This small solar-powered hideaway in British Columbia mirrors the natural incline of the cliff on which it sits. Architecture studio Battersby Howat worked with Hinterland Design to assemble a small team of craftsmen to build the Valdes Island Shack, combining prefabricated design with traditional building techniques.
The 386-square-foot cabin sits on a bluff overlooking the Salish Sea and features solar power and a rainwater filtration system. A team of Hinterland Design workers camped near the building site over the course of 5 weeks and crafted the exterior and interior finishes to fit the framing, which was prefabricated off-site by AJIA. The exterior is clad in black-stained cedar siding, while saw-cut white stained plywood dominates the interior.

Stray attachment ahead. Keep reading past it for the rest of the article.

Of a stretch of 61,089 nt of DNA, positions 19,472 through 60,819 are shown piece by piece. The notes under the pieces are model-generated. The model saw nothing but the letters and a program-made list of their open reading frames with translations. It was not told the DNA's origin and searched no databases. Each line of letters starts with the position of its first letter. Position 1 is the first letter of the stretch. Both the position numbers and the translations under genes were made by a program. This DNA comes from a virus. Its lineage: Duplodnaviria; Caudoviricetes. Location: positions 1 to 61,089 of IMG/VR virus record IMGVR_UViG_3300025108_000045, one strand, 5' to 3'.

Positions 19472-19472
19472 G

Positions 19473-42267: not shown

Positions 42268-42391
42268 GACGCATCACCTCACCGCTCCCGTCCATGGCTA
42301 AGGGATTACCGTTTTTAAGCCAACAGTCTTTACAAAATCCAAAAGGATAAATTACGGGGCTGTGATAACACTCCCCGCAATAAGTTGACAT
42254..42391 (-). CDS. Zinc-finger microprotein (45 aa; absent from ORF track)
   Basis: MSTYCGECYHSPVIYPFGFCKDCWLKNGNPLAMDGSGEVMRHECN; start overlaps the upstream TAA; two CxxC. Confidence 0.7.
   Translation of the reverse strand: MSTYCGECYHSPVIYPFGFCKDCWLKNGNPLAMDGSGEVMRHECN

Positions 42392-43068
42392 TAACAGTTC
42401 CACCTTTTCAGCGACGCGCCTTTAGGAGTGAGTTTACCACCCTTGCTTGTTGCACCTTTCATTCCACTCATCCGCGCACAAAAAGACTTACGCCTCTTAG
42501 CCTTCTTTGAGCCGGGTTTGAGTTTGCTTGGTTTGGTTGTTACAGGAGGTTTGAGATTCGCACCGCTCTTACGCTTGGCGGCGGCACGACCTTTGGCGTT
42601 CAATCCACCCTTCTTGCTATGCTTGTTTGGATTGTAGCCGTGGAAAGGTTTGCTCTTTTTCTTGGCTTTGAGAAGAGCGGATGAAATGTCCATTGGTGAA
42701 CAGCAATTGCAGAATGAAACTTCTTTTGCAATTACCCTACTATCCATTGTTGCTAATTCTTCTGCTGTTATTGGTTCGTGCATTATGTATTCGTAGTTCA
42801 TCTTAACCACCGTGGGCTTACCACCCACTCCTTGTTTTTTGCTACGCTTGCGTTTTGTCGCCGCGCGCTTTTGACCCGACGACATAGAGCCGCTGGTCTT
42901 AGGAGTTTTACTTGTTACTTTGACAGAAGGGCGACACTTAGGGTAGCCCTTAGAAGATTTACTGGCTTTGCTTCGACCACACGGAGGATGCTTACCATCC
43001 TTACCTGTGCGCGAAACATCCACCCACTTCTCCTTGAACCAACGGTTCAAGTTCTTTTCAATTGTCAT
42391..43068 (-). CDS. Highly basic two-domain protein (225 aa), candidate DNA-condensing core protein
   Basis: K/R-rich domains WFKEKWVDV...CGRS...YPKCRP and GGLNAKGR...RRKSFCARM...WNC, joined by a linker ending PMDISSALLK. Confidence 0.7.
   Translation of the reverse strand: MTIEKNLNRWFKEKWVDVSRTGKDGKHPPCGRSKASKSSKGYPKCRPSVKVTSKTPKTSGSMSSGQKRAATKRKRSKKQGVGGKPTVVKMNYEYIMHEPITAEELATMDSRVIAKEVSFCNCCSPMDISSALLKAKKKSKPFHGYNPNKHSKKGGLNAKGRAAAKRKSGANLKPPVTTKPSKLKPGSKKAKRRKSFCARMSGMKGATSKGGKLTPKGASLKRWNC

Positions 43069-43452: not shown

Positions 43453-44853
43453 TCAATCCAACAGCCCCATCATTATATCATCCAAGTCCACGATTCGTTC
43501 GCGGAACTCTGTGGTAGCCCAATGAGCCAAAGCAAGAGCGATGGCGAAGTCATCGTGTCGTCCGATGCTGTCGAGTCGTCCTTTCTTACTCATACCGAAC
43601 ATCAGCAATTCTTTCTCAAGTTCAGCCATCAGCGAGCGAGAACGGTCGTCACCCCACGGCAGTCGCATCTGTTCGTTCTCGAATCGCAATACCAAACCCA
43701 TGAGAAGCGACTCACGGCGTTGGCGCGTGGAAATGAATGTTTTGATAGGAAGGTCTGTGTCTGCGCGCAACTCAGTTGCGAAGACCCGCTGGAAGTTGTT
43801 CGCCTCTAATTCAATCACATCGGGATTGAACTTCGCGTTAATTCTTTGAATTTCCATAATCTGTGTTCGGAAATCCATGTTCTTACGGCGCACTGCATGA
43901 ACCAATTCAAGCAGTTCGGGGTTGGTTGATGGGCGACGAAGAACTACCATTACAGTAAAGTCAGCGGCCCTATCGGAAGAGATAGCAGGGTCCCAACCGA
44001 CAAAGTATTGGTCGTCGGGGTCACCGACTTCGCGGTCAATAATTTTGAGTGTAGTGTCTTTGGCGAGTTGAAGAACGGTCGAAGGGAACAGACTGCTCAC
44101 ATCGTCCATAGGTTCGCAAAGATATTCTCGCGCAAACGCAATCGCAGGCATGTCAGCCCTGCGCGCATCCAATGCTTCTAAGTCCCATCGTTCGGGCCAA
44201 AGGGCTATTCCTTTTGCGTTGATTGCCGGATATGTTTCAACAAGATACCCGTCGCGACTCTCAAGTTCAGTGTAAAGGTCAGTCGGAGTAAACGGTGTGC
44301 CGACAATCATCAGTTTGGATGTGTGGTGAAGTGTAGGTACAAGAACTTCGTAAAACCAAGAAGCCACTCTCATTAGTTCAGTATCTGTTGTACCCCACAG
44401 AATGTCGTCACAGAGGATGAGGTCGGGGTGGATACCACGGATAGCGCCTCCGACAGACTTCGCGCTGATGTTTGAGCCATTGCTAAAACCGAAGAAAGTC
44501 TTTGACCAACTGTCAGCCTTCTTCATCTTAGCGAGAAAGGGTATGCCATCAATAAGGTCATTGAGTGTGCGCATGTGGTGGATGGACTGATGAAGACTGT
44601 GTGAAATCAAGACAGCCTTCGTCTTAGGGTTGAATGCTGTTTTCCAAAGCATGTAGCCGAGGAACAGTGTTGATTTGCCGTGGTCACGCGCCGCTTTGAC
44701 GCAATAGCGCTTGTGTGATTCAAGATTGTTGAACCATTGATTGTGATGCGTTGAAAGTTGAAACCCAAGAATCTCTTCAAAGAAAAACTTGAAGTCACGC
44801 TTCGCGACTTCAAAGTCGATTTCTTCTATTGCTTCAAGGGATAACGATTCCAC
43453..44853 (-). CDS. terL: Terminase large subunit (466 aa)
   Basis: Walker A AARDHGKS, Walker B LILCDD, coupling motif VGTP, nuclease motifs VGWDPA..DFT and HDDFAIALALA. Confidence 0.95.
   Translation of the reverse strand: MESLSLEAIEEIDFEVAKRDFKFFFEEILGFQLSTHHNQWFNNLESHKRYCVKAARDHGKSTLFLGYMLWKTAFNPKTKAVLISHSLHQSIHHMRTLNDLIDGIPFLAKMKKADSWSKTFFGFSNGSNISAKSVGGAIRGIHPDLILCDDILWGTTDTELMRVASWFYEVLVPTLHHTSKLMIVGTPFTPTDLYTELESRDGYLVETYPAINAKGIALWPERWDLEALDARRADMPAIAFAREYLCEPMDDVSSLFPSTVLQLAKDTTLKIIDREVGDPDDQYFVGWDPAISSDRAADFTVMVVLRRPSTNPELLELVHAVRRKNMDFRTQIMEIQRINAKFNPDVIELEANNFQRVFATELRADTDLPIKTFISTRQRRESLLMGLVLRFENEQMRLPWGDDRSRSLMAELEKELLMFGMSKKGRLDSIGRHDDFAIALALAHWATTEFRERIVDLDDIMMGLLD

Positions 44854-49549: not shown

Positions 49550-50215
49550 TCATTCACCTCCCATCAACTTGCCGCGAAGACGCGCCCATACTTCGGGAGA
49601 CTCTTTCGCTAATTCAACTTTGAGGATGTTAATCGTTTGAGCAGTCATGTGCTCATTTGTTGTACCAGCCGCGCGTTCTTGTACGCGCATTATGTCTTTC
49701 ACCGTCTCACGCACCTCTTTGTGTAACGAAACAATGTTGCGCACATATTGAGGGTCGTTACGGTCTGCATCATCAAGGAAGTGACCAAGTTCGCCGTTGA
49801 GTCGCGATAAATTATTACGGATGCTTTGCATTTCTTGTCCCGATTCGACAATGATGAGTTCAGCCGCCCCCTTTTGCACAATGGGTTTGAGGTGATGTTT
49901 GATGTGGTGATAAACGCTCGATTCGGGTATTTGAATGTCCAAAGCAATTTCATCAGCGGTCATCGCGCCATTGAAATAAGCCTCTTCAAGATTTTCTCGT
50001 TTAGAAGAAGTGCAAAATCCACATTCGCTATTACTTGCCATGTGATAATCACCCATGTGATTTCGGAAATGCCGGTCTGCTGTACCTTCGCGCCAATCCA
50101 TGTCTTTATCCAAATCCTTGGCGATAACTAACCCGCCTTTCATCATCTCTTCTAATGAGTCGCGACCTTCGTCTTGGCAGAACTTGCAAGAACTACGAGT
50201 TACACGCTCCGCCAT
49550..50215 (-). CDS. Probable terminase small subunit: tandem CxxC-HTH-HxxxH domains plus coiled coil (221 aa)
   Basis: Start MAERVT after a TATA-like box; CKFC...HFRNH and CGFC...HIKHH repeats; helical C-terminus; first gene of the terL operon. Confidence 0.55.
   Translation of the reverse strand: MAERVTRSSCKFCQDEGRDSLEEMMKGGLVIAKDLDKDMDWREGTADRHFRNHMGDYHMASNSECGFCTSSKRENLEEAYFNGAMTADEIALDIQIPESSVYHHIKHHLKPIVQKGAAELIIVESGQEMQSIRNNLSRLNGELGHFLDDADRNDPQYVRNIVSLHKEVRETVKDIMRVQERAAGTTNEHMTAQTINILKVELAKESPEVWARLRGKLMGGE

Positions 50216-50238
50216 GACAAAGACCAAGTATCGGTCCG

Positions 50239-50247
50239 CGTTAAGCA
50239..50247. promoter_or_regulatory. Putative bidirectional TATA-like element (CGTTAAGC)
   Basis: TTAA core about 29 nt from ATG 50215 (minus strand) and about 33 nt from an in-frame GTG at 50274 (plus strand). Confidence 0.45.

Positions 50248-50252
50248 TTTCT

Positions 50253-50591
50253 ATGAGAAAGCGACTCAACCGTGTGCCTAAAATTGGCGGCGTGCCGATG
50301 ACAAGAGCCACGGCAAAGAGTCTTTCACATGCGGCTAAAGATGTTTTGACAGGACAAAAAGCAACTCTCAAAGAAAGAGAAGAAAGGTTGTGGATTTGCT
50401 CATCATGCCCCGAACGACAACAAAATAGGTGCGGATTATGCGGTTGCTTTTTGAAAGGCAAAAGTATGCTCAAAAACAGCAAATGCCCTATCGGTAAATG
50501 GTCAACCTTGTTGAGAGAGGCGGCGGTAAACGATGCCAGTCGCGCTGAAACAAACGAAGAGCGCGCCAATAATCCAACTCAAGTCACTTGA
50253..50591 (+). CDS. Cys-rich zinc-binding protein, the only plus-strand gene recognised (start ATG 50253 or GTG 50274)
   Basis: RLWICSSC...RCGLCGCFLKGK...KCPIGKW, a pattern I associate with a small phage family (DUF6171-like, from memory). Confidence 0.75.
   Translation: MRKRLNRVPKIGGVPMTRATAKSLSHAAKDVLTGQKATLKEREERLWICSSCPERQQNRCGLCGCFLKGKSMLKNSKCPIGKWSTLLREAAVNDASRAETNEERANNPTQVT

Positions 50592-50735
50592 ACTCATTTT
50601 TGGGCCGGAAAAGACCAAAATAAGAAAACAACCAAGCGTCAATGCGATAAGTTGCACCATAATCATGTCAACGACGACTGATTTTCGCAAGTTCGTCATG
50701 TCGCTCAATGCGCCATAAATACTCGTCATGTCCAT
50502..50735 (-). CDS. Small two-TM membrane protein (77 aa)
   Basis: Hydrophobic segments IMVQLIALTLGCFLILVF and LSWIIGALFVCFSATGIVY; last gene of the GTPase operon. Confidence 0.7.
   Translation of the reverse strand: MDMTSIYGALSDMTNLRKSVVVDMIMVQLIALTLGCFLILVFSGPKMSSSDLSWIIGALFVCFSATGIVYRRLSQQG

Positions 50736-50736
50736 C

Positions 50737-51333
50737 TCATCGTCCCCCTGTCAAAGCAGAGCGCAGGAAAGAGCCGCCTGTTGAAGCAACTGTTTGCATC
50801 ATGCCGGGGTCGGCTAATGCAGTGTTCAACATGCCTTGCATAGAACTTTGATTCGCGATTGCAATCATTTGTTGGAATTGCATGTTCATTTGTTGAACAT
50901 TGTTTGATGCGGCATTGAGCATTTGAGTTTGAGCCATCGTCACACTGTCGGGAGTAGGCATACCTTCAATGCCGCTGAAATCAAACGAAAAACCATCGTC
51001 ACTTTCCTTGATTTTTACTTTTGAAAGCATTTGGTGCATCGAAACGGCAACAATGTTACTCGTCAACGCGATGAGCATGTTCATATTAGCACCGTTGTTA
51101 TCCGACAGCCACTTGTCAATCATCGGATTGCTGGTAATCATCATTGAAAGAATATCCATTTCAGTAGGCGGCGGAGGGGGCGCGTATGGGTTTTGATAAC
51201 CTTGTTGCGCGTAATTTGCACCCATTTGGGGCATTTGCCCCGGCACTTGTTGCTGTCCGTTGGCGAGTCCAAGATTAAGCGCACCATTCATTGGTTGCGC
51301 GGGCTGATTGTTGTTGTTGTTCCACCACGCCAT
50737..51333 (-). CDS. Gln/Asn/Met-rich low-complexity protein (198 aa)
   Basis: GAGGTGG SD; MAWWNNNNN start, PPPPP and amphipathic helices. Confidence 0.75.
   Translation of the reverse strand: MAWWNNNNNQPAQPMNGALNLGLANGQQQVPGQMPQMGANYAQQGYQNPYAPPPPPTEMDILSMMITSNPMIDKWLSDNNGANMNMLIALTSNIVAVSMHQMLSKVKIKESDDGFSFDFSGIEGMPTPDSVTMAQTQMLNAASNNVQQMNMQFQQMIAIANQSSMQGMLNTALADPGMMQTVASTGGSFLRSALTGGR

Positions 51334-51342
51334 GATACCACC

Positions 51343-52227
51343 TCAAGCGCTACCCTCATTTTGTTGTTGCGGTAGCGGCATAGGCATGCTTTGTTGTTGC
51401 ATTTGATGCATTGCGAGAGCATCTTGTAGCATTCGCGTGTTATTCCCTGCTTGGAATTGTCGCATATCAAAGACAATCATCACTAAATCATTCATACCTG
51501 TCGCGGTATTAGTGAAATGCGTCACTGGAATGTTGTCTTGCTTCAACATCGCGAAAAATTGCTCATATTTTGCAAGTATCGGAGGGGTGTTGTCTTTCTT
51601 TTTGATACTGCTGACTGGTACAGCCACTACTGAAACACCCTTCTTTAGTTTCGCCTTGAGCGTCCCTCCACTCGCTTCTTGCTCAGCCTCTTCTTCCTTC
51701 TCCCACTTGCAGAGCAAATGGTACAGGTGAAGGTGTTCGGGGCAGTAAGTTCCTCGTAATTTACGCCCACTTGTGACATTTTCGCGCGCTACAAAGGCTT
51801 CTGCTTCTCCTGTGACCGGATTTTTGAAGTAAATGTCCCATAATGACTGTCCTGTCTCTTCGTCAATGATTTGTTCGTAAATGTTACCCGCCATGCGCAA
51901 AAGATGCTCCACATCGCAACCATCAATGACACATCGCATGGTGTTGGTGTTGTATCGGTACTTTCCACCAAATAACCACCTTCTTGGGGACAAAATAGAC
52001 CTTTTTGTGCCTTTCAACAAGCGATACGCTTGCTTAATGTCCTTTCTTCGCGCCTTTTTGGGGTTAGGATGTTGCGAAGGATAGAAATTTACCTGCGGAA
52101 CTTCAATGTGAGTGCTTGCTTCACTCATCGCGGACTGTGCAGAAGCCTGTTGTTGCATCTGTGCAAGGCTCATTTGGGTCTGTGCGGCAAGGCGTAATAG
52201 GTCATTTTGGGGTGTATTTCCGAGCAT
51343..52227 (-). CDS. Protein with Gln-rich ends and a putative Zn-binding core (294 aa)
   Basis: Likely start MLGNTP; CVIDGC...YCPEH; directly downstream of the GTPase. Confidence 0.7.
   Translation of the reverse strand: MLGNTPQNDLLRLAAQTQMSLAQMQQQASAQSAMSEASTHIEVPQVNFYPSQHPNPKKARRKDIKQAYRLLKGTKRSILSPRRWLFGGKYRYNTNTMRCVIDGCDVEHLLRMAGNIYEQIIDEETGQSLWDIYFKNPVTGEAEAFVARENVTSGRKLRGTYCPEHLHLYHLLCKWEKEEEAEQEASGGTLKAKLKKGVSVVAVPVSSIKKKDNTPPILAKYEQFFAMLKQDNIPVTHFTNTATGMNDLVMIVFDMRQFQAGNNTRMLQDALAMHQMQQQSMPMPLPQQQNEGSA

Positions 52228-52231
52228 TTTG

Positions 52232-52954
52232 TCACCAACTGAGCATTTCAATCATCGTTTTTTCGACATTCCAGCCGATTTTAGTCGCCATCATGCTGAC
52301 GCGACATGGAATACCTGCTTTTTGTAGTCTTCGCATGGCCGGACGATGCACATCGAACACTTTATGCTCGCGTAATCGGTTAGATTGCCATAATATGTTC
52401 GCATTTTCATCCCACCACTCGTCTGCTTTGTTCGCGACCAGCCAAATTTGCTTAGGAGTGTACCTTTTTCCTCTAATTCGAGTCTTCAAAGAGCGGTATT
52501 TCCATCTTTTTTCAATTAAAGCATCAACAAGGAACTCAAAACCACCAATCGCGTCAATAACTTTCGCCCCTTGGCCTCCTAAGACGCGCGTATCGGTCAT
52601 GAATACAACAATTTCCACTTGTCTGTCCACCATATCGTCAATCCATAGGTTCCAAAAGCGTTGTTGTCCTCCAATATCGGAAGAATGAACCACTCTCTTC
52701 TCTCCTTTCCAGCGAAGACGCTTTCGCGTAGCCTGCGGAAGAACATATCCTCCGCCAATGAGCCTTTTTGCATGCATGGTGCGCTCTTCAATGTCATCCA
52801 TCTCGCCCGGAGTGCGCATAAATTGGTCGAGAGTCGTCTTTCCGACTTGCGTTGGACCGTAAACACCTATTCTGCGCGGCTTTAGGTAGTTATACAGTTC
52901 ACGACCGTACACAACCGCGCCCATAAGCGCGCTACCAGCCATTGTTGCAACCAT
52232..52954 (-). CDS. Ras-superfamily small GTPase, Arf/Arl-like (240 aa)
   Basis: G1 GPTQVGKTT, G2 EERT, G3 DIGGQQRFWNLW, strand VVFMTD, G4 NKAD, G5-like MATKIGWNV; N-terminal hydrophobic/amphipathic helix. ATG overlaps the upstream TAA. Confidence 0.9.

The color contrast between the exterior and interior helps the building blend into the forest, while providing a serene space with expansive views of the lake. Slightly tilting backward, the house soaks up the natural light that illuminates the interior. Inside, a metal-rung ladder connects the main living space with dining area and kitchen to the sleeping loft above, which has breathtaking views.
Photo by Lucas Finlay